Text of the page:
A number of representatives from the credit and collection industry filed their comments in response to the Consumer Financial Protection Bureau’s proposed debt collection rule yesterday, and many more are expected to do so in the two days left before the comment period expires.
Among those that submitted comments yesterday were:
- DAKCS Software Systems
- Professional Finance Company
- Check Into Cash
- Eastern Revenue
- New Jersey Creditor’s Bar Association
- Miller & Steeno
- Laura Benavidez
As well, seven different employees from Express Recovery Services filed their own comments. They primarily expressed support for the proposal that would allow collectors to leave a “limited content message” that would not be subject to the Fair Debt Collection Practices Act.
Wrote Chris Gray, for example, “As for the voice mails proposal, I really like that you are possibly giving us the option to leave voice mails I don’t know how many times I have had consumers call in and ask why we don’t leave voice mails and that they usually don’t answer the phone to an unrecognized number. Most consumers say they would have called back if we just left a message. Not being able to leave messages can have a negative impact on the consumer because if they don’t know that we are trying to get ahold of them and the debt goes unpaid it can have negative impacts on their credit and can cause the accounts to be forwarded out to our attorney’s office. So being able to leave messages will help the consumer to avoid those negative impacts. “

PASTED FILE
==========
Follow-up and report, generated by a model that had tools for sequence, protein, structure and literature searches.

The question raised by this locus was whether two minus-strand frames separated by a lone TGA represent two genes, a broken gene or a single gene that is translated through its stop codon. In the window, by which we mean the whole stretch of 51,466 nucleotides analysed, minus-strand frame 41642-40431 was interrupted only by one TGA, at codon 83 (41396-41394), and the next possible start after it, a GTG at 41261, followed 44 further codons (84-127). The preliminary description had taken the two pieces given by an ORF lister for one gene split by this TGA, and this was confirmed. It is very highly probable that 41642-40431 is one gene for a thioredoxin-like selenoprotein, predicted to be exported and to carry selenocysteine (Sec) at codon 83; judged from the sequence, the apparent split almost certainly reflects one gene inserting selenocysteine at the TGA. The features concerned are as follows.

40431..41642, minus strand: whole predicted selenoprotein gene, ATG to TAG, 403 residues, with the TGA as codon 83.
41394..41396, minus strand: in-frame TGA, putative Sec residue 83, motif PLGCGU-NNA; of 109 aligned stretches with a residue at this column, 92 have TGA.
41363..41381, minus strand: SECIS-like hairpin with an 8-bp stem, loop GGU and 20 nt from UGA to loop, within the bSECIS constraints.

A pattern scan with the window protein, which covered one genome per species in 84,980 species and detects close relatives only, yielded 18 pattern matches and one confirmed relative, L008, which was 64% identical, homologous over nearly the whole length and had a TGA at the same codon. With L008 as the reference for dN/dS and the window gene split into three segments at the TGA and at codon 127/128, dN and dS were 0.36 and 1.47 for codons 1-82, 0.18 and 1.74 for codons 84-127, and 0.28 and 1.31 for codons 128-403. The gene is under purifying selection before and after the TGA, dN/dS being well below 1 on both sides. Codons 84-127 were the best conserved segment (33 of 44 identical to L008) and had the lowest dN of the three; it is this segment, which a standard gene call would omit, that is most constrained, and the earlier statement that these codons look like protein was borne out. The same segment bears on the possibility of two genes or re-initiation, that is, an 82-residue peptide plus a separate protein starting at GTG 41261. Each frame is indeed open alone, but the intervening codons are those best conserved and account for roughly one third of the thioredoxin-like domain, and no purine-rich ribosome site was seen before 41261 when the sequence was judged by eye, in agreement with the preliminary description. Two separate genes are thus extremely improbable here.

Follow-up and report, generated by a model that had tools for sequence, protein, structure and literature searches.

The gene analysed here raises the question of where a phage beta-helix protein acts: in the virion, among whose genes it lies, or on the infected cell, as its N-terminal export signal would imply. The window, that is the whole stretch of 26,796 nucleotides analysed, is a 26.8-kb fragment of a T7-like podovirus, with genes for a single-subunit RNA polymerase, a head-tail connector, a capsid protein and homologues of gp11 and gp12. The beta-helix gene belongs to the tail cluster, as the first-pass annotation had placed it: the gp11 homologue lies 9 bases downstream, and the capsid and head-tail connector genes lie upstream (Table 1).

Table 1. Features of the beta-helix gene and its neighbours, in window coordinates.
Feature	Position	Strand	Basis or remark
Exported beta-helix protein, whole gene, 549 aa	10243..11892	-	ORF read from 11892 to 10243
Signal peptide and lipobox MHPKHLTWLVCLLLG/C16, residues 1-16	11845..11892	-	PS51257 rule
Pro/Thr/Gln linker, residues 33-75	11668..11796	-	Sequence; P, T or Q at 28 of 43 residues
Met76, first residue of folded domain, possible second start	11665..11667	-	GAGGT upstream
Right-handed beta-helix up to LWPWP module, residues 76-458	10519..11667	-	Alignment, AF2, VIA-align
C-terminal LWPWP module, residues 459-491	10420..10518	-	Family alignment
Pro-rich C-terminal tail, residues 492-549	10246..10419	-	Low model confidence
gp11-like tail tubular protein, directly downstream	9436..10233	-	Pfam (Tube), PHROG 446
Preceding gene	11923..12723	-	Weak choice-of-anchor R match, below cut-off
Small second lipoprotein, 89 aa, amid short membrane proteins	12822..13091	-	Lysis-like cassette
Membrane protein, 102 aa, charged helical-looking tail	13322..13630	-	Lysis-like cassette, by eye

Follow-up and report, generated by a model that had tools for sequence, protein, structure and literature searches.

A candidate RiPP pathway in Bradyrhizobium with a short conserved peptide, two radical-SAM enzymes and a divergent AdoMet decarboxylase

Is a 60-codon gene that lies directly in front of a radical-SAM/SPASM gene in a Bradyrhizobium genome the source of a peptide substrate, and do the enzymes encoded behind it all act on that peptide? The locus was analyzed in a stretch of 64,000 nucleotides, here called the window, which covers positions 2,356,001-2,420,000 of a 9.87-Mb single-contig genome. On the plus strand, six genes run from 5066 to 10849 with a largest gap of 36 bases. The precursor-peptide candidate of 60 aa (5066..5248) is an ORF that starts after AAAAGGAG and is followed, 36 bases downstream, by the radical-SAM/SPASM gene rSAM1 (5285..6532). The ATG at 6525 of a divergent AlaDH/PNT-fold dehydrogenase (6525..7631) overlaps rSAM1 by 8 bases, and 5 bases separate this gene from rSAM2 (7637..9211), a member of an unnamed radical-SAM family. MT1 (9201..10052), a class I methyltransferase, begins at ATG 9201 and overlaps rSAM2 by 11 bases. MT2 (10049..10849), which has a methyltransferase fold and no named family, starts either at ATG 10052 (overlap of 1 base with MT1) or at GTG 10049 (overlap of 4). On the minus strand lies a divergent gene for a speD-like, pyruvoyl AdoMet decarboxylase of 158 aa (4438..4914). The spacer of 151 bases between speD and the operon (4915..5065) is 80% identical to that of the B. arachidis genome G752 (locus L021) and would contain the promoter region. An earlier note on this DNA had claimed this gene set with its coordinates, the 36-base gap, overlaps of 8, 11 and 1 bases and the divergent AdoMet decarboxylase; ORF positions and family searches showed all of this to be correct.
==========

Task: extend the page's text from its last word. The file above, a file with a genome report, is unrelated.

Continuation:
Also yesterday, Mark Neeb, the chief executive of ACA International, said while speaking at the Northeast Debt Collection Expo in Atlantic City that ACA’s comment letter was at least 150 pages long as it puts the finishing touches on its thoughts about the proposed rule.
In its comment, Professional Finance Company included data about how much it costs the agency to respond to disputes and how much it will cost should the CFPB move forward with a proposal to disclose the itemization date of the debt. Only 17% of the agency’s customers include such information in their files, the agency said in its comment. It would cost the agency as much as $31,000 to implement the changes necessary to include this information in disclosures, the agency said.